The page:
An effective protocol must give states the right to apply the precautionary principal when deciding whether or not to allow the import, introduction, transfer, handling or use of GMOs or their products within their territory. Similarly all states should be able to take full account of socio-economic impact within their territory when taking decisions on GMOs and their products.

These rights might seem obvious but they are directly opposed by the biotech industries and without them countries attempting to ban GMOs fall foul of free trade laws.

Also at issue in Colombia is the question of liability. No international legal framework exists to deal with these new technologies, and developing countries in particular are calling for a fair liability and compensation system.

Fears about the effect of GMOs on human health are reaching fever pitch The re-evaluation of Arpad Pusztai's work on feeding GM potatoes to rats, will give even greater impetus to the campaign to freeze commercial production of GM crops for both human and animal consumption. It would be appalling if we who have the best science, regulatory regimes and resources were to take steps to protect ourselves but fail to hear the concerns of developing countries.

The writer is a botanist and Labour MP for Lewisham, Deptford.

Baroness Young, page 30

News
Denny Miller in 1959 remake of Tarzan, the Ape Man
people
Arts and Entertainment
Cheryl despairs during the arena auditions
tvX Factor review: Drama as Cheryl and Simon spar over girl band

News
Piers Morgan tells Scots they might not have to suffer living on the same island as him if they vote ‘No’ to Scottish Independence
news
News
i100Exclusive interview with the British analyst who helped expose Bashar al-Assad's use of Sarin gas
PROMOTED VIDEO
Have you tried new the Independent Digital Edition apps?
News
ebooksAn unforgettable anthology of contemporary reportage
Sport
Angel Di Maria celebrates his first goal for Manchester United against QPR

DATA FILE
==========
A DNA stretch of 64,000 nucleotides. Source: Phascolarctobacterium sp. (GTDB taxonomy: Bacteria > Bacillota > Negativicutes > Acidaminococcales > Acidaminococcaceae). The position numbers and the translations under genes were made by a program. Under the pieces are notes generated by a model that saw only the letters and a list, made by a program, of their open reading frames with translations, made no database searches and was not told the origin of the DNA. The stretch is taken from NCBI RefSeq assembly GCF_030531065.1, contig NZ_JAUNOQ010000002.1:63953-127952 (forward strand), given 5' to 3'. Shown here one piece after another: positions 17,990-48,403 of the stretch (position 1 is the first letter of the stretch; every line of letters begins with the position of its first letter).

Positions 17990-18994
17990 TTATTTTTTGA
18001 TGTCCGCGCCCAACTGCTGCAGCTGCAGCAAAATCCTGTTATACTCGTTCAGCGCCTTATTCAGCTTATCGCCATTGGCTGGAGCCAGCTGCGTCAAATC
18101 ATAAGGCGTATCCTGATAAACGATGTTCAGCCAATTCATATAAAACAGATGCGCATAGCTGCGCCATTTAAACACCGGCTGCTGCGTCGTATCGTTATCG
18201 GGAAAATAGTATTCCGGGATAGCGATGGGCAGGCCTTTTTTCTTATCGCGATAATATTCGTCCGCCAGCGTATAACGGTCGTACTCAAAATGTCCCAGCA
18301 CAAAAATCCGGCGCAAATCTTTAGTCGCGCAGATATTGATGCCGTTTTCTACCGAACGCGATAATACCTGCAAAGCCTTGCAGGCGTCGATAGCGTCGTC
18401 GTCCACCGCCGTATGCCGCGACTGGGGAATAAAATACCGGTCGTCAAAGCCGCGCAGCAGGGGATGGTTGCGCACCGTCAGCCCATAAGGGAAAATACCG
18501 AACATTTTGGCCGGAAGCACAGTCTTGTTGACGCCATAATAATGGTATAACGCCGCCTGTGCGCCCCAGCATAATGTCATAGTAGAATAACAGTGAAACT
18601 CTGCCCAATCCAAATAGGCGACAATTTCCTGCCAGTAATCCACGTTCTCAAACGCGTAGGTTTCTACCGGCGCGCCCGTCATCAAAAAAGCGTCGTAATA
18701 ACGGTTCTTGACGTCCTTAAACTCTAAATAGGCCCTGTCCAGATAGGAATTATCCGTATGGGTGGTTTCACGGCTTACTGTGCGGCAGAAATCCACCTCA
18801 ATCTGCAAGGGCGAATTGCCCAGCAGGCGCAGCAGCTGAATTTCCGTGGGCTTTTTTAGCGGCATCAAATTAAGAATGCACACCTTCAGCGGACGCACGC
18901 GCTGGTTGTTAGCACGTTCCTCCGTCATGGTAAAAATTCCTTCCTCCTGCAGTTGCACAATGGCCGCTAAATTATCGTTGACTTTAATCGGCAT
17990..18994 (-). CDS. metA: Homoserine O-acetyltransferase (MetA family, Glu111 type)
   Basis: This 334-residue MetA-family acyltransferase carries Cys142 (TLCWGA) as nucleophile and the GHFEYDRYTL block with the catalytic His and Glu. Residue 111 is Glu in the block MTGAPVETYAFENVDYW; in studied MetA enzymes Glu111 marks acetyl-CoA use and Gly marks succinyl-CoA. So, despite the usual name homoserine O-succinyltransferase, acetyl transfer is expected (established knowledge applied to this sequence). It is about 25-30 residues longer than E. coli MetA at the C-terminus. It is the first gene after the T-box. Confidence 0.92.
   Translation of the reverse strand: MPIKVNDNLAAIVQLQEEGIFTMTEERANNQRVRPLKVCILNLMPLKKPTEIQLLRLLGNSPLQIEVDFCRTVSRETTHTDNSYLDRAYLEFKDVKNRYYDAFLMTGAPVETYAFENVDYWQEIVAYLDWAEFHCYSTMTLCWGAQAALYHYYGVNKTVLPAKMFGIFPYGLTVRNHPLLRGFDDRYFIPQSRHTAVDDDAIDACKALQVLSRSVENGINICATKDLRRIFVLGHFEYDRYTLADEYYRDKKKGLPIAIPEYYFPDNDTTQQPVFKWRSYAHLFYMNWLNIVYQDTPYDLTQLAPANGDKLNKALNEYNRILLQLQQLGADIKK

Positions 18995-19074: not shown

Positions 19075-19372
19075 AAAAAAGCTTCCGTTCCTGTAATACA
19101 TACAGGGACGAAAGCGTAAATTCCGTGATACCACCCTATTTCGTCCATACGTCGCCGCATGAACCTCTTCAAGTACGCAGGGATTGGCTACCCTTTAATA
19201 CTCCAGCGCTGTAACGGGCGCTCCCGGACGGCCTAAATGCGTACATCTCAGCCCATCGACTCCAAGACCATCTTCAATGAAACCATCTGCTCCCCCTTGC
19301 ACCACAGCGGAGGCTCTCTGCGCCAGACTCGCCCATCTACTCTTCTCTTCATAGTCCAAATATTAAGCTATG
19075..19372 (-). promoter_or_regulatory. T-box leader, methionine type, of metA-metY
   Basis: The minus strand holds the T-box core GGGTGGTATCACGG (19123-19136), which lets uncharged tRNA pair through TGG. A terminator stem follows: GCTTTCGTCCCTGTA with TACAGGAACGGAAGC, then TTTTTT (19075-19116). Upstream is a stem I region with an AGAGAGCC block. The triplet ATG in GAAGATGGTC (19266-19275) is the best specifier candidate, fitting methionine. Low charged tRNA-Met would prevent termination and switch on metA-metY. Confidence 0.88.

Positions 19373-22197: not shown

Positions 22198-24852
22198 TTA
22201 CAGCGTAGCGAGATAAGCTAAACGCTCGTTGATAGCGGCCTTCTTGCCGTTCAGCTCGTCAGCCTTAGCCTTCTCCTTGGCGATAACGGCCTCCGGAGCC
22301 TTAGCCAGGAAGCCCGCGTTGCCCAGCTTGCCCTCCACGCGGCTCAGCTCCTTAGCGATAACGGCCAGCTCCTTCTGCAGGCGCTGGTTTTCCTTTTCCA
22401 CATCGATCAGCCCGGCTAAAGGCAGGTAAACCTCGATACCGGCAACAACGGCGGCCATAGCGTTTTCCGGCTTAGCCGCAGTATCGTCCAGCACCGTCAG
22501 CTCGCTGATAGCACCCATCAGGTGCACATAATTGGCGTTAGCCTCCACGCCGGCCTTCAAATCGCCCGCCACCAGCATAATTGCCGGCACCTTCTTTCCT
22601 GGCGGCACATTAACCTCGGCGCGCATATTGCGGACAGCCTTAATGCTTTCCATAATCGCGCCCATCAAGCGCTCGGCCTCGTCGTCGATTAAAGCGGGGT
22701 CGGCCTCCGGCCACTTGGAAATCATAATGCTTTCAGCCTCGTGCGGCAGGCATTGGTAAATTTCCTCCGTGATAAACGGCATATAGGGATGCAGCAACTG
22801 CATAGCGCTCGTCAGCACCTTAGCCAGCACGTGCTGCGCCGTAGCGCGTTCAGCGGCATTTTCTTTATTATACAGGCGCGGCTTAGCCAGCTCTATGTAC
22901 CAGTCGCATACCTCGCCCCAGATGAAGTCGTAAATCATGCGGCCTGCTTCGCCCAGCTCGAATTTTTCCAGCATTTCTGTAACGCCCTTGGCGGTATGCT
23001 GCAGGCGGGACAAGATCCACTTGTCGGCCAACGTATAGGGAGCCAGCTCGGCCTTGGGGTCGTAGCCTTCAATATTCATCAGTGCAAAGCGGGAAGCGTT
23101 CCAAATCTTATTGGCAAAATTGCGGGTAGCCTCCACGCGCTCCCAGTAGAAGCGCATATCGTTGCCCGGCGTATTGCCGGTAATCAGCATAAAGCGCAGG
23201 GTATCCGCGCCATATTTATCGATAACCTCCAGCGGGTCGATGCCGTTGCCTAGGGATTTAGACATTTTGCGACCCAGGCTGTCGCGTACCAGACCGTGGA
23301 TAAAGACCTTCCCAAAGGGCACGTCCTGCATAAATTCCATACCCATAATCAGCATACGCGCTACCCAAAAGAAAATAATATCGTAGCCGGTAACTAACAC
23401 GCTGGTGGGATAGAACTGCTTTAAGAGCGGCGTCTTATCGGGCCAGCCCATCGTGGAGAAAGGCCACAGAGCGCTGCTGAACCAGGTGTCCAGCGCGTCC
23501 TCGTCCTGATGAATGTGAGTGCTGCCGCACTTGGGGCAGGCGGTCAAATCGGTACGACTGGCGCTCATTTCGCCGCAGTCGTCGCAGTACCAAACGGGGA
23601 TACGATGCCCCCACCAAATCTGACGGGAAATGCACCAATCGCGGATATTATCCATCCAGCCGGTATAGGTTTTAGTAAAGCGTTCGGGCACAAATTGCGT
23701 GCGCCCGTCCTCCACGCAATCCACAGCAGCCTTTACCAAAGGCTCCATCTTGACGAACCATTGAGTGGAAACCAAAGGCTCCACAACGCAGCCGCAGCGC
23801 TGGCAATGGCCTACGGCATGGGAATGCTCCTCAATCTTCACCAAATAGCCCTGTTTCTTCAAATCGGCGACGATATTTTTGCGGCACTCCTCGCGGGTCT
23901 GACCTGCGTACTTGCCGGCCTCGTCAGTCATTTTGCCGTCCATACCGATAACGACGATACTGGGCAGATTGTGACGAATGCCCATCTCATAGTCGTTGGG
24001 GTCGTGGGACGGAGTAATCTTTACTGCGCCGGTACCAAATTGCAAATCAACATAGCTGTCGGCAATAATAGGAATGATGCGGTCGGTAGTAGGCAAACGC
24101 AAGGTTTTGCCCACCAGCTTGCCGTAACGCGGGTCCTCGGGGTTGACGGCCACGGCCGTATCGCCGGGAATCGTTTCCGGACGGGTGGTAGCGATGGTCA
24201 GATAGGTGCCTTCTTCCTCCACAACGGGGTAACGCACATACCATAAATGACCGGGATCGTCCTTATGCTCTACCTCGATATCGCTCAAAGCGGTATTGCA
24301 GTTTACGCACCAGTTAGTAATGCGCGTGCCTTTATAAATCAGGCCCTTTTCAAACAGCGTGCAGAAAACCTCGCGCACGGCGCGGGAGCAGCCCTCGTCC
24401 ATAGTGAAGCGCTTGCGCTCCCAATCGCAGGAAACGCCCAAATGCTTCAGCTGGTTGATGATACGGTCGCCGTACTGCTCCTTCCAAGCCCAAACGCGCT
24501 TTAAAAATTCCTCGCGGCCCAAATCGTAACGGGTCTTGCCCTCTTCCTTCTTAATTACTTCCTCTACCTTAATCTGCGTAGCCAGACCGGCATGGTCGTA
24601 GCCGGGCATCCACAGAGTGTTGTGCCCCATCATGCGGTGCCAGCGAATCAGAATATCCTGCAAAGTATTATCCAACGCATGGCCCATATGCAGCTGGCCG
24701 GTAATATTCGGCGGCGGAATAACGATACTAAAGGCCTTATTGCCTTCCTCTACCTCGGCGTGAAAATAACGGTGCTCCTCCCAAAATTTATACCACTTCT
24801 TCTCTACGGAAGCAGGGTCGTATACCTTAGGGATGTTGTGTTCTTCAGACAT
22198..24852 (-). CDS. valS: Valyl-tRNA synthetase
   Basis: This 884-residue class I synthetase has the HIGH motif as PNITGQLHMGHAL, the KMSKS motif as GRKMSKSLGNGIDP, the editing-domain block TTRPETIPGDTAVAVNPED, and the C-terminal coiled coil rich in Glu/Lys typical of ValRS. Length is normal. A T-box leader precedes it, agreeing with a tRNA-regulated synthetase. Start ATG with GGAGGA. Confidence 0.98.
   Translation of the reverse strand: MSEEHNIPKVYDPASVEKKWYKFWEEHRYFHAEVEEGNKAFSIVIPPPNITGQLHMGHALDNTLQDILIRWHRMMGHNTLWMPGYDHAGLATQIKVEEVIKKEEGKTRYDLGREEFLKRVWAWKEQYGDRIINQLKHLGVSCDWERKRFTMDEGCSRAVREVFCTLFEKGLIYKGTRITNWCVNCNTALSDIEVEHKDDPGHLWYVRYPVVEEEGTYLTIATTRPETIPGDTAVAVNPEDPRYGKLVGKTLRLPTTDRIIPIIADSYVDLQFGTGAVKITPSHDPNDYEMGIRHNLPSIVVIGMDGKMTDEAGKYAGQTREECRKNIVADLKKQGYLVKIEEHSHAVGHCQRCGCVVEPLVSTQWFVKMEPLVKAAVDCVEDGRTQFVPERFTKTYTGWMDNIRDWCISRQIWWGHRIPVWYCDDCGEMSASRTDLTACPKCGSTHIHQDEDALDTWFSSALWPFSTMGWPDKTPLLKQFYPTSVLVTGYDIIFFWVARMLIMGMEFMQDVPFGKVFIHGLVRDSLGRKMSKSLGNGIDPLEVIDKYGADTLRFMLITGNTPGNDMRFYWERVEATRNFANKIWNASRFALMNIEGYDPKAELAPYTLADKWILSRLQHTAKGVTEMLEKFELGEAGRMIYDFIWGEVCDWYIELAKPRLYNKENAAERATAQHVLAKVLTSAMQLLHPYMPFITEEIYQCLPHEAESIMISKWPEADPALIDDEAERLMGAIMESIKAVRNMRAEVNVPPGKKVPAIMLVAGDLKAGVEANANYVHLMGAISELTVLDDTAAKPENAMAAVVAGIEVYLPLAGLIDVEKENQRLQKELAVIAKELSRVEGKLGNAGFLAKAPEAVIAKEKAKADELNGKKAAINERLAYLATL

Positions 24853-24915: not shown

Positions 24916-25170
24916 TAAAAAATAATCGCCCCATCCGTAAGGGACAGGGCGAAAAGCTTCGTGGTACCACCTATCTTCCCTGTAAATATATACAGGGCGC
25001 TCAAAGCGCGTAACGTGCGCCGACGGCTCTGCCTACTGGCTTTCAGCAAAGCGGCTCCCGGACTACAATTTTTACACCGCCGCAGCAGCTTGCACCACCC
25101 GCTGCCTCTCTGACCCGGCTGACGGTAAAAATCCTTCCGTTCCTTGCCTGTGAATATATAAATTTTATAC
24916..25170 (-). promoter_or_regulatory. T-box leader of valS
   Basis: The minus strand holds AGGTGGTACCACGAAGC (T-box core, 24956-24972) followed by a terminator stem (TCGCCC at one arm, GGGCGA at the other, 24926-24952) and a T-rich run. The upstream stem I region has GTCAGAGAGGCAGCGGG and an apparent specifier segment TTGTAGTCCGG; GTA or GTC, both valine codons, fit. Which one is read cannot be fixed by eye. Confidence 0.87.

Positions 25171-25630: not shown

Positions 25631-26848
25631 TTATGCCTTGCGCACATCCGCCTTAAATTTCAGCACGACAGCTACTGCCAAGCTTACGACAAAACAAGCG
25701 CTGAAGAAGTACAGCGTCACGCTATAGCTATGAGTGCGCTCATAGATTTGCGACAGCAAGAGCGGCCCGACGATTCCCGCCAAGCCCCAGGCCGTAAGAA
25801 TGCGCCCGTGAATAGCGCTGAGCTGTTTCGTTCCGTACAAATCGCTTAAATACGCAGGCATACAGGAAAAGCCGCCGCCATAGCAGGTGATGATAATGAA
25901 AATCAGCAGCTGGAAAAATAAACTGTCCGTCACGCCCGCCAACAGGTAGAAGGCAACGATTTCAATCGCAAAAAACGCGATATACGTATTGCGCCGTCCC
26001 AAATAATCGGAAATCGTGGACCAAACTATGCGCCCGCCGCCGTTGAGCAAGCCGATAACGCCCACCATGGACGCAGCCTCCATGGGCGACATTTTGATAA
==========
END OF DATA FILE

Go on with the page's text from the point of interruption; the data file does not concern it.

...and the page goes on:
Football4-0 victory is team's first win under new manager Louis van Gaal
Arts and Entertainment
art
News
newsIn short, yes
Arts and Entertainment
Rob James-Collier, who plays under-butler Thomas Barrow, admitted to suffering sleepless nights over the Series 5 script
tv'Thomas comes right up to the abyss', says the actor
Arts and Entertainment
Calvin Harris claimed the top spot in this week's single charts
music
Sport
BoxingVideo: The incident happened in the very same ring as Tyson-Holyfield II 17 years ago
News
Groundskeeper Willie has backed Scottish independence in a new video
people
Arts and Entertainment
The Doctor poses the question of whether we are every truly alone in 'Listen'
tvReview: Possibly Steven Moffat's most terrifying episode to date
News
i100
Life and Style
Cara Delevigne at the TopShop Unique show during London Fashion Week
fashion
News
The life-sized tribute to Amy Winehouse was designed by Scott Eaton and was erected at the Stables Market in Camden
peopleBut quite what the singer would have made of her new statue...
Sport
England's Andy Sullivan poses with his trophy and an astronaut after winning a trip to space
sport
News
peopleThe actress has agreed to host the Met Gala Ball - but not until 2015
Latest stories from i100
Have you tried new the Independent Digital Edition apps?
Independent Dating
and  

By clicking 'Search' you